(Originally posted on Virtual Blue Ridge’s Blue Ridge Parkway Blog, July 25, 2008)
I subscribe to a Google groups listserv called Park Land Watch that sends me multiple articles every day about all kinds of issues facing the National Parks. The topics raised on the list remind me that our beloved Blue Ridge Parkway is part of a large national system of parks, and that its struggles are, by and large, emblematic of the troubles faced by the entire National Parks system.
On Wednesday this week, for instance, I got the a link to an article from the Honolulu Advertiser describing funding shortages at Hawaii Volcanoes National Park.
The article reported on a recent study of the park’s resources by the National Parks Conservation Association, and noted that “Park Superintendent Cindy Orlando said the 333,086-acre park needs 64 more employees, but lacks the money to hire them. The park has about 183 employees, including seasonal workers and staff who work at the park under cooperating agreements with other agencies. ‘Remember, this is not unique to this park,’ Orlando said. ‘It’s a system-wide issue. I think it speaks to the lack of funding for the system.’
Orlando is surely, sadly, right, and good for her for speaking out. As anyone who follows the Blue Ridge Parkway knows, staffing shortages here have in recent years become severe, with our own park down 56 permanent staff members whose positions it does not have the budget to fill. Details on the effects of the Parkway’s budget shortfalls may be found on the Blue Ridge Parkway Foundation’s “Parkway Facts” page.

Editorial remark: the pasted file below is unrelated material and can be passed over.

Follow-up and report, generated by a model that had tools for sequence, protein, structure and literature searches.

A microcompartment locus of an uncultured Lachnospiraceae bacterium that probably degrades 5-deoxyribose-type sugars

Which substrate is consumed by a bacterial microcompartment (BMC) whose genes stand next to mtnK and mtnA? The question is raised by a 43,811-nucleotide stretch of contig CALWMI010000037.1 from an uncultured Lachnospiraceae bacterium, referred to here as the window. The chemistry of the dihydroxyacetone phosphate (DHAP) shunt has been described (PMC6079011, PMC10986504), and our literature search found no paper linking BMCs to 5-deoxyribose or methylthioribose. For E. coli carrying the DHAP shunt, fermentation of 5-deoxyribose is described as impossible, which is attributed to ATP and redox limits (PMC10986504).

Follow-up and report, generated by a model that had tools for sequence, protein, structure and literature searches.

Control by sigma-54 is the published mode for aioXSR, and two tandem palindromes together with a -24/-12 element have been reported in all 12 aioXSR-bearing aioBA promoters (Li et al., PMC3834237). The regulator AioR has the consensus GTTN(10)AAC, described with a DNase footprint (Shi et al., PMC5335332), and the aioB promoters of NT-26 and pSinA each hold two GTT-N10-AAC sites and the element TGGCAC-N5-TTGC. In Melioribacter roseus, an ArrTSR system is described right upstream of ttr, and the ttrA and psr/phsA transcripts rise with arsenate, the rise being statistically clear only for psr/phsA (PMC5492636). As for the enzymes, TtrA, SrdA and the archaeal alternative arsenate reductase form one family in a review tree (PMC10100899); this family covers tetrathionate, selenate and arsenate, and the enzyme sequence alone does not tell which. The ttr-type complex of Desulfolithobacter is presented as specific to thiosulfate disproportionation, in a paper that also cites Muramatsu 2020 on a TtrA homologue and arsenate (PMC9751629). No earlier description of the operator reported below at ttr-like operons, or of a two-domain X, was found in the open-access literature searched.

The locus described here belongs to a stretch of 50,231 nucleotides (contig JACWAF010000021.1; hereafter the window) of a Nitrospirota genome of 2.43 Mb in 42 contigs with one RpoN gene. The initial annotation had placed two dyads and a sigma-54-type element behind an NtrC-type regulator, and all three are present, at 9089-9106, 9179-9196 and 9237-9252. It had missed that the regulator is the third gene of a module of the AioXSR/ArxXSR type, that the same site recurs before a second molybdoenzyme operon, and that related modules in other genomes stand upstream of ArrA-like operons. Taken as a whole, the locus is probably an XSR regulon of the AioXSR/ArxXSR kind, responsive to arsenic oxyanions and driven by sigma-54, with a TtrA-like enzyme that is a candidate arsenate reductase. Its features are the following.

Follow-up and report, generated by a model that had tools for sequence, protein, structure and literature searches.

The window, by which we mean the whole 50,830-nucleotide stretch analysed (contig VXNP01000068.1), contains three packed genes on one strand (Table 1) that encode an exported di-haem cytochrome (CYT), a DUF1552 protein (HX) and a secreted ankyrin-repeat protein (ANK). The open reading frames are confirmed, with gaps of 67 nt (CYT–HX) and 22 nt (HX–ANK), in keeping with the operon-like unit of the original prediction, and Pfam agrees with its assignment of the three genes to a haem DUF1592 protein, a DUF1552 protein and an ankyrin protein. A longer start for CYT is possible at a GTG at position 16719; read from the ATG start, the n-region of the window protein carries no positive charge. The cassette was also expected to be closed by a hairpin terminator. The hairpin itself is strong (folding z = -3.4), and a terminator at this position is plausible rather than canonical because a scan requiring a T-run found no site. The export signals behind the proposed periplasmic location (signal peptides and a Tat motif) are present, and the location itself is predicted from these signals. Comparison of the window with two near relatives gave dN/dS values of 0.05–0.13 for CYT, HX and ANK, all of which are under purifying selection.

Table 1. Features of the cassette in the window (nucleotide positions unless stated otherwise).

When thinking about the Parkway’s history, it has been important for me always to bear in mind both the local and regional context in which the Parkway came to be, and the national economic and political changes — such as the Depression and New Deal –that profoundly shaped its development.
While the in-process General Management Plan may be dealing with some of those local/regional issues, the Parkway is never going to be the park it could and should be unless the national political situation changes in ways that bring substantial and sustained additional federal funding to our National Park system. For the sake of Hawaii Volcanoes and the Blue Ridge Parkway and all 389 other National Park sites, I fervently hope that the day when that change will come is nearly at hand.